Offered an opportunity to flee the death sentence for “corrupting the youth,” Socrates chose to stay imprisoned and accept his fate. His reasoning amounted to this: He had a civic duty to live under the law, to obey a lawfully-rendered decision.
This is, so far as I know, the earliest published discussion of the idea of civic duty, the idea that one owes something to the larger, wider community in which one lives.
I am thinking of civic duties a lot these days because of the vaccine resisters, that one-third of the country that refuses to accept a Covid vaccination; there are just enough of them to assure that Covid-19 continues to spread and remain dangerous.
There are probably some small number of people with medical conditions that might be exacerbated by the vaccine, but that number is surely very small. For the overwhelming majority of us, the vaccine poses no danger whatever and offers the benefit of defending against a potentially fatal respiratory illness.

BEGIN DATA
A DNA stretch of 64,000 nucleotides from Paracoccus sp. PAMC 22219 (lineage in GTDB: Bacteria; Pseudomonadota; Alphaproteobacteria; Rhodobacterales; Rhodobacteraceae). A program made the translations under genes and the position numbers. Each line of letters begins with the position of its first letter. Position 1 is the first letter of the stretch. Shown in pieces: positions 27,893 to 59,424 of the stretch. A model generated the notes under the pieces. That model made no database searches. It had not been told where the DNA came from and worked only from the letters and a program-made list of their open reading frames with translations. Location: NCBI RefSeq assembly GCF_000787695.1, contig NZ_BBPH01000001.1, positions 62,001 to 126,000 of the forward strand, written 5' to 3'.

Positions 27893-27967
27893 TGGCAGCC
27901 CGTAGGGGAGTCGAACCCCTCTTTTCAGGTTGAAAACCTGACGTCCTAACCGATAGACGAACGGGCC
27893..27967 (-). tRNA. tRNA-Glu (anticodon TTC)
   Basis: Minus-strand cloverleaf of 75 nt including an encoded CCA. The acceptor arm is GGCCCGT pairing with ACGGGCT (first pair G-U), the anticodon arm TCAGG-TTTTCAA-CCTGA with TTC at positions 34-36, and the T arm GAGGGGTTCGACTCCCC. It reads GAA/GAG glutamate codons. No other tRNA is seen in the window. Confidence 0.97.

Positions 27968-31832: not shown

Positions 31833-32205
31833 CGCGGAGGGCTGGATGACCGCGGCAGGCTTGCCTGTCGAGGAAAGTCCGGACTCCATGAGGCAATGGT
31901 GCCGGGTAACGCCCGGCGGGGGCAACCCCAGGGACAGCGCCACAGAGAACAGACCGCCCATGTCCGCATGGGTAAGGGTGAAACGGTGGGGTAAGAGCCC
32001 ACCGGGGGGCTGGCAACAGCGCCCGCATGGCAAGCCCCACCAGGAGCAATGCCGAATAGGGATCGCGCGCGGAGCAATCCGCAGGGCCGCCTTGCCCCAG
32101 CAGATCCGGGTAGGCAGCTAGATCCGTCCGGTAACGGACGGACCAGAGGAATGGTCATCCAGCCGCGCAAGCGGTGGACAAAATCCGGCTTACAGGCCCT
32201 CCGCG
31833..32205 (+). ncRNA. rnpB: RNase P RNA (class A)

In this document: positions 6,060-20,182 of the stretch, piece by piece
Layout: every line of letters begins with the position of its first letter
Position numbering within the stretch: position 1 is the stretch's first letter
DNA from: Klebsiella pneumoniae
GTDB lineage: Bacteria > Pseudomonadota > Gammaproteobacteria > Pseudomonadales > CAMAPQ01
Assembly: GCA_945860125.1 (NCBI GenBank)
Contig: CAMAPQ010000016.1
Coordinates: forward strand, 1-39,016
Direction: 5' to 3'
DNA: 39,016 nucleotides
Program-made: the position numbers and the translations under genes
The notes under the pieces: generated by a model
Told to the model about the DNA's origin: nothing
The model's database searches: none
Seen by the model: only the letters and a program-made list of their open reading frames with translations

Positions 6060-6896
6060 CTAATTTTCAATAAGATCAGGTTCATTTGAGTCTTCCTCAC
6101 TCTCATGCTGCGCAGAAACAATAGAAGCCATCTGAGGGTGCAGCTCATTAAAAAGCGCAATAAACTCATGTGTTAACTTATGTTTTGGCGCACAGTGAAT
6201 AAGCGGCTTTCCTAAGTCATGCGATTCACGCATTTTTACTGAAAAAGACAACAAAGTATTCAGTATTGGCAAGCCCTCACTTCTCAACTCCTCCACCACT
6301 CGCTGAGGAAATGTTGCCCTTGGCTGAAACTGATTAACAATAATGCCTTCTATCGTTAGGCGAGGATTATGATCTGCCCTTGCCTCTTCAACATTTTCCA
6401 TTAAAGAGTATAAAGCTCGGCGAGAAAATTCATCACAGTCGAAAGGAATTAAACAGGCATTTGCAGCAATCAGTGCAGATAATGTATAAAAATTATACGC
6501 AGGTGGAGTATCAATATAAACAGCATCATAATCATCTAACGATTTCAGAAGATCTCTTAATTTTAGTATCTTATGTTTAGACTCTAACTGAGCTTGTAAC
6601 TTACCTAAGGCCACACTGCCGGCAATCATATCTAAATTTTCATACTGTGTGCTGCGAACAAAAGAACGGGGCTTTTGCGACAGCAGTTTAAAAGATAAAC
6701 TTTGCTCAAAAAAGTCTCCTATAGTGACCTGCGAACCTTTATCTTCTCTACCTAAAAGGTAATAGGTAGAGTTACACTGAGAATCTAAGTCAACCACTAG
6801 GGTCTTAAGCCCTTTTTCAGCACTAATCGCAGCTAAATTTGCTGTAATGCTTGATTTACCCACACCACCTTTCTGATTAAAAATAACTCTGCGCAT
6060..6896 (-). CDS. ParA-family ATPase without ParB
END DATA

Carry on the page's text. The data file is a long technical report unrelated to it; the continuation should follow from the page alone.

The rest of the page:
What’s not to like? Why refuse to do something clearly beneficial, when the failure to do it poses a personal danger and threatens my neighbors?
Honestly, it looks to me like no more than an eruption of juvenile cussedness, and I totally, unambiguously, 100% support those companies and public facilities that are demanding proof of vaccination as an entry ticket.